In an earlier post on camouflage (a very short history of it, and an explanation of why it is an art) I put several links to articles I had read on the subject at the end of the post. I now have three really good new links, which will lead you to articles (with photos) on camouflage, mostly in World War II, but also in World War I.
THE FIRST ONE is a recent book review (actually, a blog post) though the book was published in 1978 and can be bought used. See it here at Amazon.com for as low as $4.23 or see it here at half.com for as low as $2.99 (as of the time I'm writing this). This is a book I'll be looking for in our local library system. Here is the page where you'll find the article and pictures: Military Deceptions
The blog is called: StrangeHarvest - Architecture, Design, Art and More.
The article (with photographs) was posted November 10, 2007. The photos and descriptions are from a book called Masquerade, The Amazing Camouflage Deceptions of World War II by Seymour Reit.
The examples shown in the post (which include a blow-up rubber tank and a U.S. Army headquarters that appears to be a trash dump, as well as several others) are fascinating, and of course there would be many times more pictures in the book itself. As I'm typing this there are still very few comments on the post, the latest dated November 25th (today), but they're interesting to read.
ANOTHER LINK. I really like this one. It's about "Dazzle" (ship camouflage). If you're interested in ships, you'll definitely want to see these pages which are very nicely laid out, quite interesting, and with lots of fascinating old photographs, including pictures of some of the artists "at work" and, of course, many photos of the ships that were painted with a "Dazzle" design.
Besides a link ("Next") at the bottom of the page to a second page, there are several links to other pages (with photographs) at the upper right - Don't miss those. This article is called DazZLe CaMoUflage: High Difference Camouflage (hodgepodge) and was written by Roy R. Behrens (a book he has written on the subject is advertised). One thing that is explained here is how painting ships in such a highly visible way could "disguise" it (something I wondered about myself).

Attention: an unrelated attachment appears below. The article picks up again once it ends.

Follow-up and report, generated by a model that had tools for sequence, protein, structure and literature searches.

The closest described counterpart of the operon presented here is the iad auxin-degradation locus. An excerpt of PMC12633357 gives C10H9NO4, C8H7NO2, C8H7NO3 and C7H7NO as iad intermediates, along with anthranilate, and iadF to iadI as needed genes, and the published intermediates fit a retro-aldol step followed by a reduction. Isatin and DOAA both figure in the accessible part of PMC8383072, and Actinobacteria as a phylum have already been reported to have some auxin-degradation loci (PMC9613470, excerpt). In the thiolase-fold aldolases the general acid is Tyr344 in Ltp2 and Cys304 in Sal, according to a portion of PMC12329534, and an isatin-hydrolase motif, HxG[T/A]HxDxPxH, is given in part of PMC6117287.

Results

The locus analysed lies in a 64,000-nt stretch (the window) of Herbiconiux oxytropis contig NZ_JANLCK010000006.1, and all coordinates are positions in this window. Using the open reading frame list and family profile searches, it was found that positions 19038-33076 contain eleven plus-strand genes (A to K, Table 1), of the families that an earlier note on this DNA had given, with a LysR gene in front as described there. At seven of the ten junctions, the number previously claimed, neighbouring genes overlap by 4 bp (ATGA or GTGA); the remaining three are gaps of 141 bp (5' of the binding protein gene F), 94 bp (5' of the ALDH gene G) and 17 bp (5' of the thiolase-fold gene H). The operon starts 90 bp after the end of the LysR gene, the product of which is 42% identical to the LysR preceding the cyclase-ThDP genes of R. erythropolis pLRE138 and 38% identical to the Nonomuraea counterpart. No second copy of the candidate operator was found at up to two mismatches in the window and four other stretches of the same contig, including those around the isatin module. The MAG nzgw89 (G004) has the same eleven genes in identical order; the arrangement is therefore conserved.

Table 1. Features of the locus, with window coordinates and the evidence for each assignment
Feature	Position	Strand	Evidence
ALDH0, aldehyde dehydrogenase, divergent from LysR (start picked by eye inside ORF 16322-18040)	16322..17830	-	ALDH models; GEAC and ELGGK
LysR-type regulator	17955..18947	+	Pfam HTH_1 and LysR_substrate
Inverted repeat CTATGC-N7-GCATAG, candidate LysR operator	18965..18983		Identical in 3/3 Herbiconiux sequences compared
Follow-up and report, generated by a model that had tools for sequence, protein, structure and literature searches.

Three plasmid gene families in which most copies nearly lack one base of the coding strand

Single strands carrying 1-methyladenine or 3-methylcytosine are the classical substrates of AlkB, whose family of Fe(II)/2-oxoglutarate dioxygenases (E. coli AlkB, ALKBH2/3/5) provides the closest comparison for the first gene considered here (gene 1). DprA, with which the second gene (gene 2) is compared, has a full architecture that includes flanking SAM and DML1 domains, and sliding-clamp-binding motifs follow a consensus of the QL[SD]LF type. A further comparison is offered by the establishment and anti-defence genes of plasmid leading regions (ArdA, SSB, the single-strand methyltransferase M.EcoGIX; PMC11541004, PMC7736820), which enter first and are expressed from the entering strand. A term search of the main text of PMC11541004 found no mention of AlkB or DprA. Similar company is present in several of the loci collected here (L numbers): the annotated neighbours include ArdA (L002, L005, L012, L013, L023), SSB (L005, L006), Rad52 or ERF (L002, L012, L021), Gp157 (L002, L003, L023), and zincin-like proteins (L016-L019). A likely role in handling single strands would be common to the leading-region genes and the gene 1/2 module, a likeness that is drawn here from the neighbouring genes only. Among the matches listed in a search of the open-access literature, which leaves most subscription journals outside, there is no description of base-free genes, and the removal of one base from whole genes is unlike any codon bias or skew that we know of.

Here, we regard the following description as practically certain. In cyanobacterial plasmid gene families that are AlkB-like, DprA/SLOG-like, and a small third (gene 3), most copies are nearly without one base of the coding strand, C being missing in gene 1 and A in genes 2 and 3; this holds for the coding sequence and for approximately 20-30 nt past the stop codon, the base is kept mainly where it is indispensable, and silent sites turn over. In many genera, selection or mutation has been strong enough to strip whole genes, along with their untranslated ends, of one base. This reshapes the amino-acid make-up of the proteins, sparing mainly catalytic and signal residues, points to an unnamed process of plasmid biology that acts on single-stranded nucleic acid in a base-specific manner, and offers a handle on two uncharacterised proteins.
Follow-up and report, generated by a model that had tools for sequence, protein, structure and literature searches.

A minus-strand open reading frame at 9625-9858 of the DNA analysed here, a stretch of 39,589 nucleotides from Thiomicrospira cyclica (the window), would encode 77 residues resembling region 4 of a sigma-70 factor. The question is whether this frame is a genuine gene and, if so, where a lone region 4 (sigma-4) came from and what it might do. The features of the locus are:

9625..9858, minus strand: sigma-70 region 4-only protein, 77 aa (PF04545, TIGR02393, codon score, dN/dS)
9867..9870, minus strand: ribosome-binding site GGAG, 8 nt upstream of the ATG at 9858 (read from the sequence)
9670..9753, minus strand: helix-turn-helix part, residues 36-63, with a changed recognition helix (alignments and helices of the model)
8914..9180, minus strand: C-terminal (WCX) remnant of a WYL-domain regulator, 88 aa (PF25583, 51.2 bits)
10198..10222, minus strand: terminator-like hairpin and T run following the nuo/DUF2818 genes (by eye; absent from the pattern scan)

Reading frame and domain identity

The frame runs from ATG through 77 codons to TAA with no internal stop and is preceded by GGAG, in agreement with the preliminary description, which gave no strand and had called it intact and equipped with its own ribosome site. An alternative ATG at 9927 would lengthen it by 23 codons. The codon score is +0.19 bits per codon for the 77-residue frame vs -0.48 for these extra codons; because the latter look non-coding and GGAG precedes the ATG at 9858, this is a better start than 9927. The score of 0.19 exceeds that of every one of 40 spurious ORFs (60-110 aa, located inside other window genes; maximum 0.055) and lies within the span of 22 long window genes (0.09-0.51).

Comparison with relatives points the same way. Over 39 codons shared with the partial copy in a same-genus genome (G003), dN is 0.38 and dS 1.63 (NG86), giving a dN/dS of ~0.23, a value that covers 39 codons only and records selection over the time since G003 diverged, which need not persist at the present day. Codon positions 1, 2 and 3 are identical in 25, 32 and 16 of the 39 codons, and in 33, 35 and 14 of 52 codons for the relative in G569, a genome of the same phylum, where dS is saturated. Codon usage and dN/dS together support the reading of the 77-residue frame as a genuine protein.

LAST BUT NOT LEAST is a link to photographs of the USS Leviathan with a Dazzle paint job, in 1918. Besides looking quite "dazzling," this ship has a strange history, but what's important here is its camouflage paint job.
Click here to see several photos of the USS Leviathan. This is on the Naval Historical Center site ("an official U.S. Navy web site").
I've added two of the Leviathan pictures below. The first is of the plan for "Dazzle" camouflage intended for the starboard side c. 1918 (slightly larger pictures are on the site, and if you click on them you get much bigger versions). The actual design that was painted on the ship differed slightly from the plan (see second picture below).
NOTE ADDED June 10, 2008: Another post on camouflage - with videos
NOTE ADDED February 29, 2008: Here is an article I just came across today that tells about how warships' vulnerability to being detected "has led the military to develop new stealth technologies that allow ships to be virtually invisible to the human eye, to dodge roaming radars, put heat-seeking missiles off the scent, disguise their own sound vibrations and even reduce the way they distort the Earth's magnetic field ...." The article is on the Science Daily site.
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